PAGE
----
Since the emergence of humankind, during a period known as the ‘Holocene’, it has been proposed that our significant impact on the earth in the last 70 years has seen us move from one epoch to another; as the sun potentially rises on the ‘Anthropocene’, what can we expect our world and Scotland to look like over the near future?
Scotland’s Futures Forum is exploring this territory, considering what Scotland’s society and culture might look like in 2030 and beyond. There is a strong argument that ‘a strong society and economy can only exist in the long term if the environment – land, air and water – are functioning well’ (Graeme Cook, Scottish Environment, Food and Agriculture Research Institutes).
In this context, and funded by the Scottish Environment, Food and Agriculture Research Institutes, Dr Stephanie Smith, a post-doctoral researcher from Scotland’s Rural College, was given the task of exploring the extent to which Scotland’s environment will be well-functioning and resilient by 2030. Dr Smith brought her background in evolutionary biology, genetics and animal modelling to review current trends, scientific research and evidence-based approaches to predict what Scotland may look like over the next 4687 days.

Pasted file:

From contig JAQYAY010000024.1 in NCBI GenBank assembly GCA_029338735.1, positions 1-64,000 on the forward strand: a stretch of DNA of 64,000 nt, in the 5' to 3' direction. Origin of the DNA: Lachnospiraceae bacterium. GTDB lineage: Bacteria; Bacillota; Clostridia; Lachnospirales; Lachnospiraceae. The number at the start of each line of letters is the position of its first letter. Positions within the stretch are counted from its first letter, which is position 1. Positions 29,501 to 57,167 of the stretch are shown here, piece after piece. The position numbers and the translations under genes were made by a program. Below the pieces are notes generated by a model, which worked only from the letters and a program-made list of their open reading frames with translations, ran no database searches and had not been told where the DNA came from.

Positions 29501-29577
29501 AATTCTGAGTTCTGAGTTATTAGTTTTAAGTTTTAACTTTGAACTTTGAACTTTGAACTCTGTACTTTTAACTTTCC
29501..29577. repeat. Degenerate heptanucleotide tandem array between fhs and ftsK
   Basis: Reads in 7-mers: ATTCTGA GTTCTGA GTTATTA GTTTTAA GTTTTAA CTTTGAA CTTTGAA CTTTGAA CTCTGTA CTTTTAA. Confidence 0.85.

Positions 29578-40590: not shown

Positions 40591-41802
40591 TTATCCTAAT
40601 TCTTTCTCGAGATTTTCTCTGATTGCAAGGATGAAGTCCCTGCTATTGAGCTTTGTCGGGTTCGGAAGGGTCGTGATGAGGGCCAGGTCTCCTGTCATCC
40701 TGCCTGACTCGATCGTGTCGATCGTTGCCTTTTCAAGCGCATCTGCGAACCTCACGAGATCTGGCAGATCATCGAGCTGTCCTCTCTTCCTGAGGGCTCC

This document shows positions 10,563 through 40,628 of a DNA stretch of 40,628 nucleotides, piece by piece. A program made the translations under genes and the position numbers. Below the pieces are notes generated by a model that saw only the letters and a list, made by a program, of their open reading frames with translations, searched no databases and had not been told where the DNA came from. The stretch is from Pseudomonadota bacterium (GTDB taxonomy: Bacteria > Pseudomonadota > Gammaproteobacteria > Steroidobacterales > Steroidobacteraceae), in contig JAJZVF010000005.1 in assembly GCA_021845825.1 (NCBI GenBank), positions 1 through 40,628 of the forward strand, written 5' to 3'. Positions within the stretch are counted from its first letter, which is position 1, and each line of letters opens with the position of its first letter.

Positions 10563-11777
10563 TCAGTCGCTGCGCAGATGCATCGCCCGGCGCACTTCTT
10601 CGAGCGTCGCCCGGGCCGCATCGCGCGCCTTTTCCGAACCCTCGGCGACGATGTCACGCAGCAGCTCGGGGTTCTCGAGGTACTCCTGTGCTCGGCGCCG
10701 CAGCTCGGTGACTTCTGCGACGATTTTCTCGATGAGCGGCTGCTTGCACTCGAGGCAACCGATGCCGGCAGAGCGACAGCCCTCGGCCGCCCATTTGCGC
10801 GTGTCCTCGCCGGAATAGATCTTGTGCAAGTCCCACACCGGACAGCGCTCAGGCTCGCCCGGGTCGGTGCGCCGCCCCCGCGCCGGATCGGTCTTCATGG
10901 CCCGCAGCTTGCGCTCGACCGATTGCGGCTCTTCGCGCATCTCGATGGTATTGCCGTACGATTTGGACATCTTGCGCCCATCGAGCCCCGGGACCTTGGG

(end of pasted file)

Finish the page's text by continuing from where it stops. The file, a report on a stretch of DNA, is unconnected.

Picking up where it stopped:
Dr Smith has been reviewing global and national trends and objectives, including insight from the forefronts of research being conducted as part of the Scottish-Government-funded Rural Economy, Food, Land and Environment Strategic Research Programme. With approximately 79% of Scotland’s land used for agriculture, the future of this 10,000 year-old practice will have major implications for our landscape, food production, biodiversity and emissions targets.
With major global climatic changes ignoring all regional and national boundaries and ‘consequences for global food security, agricultural production and public goods’ (Professor Eileen Wall, SRUC) our behavioural responses to such challenges will help mould our future.
So, whilst the ‘Wish you were here!’ postcard from Scotland 2030 is currently blank, what and how different do we expect the landscape to be by then? What weather will the holiday-maker animatedly describe, local and available delicacies relay, and wildlife eye-spy? With the fellowship concluding the end of March, Dr Smith will share the findings from her research on the Forum website and at associated events.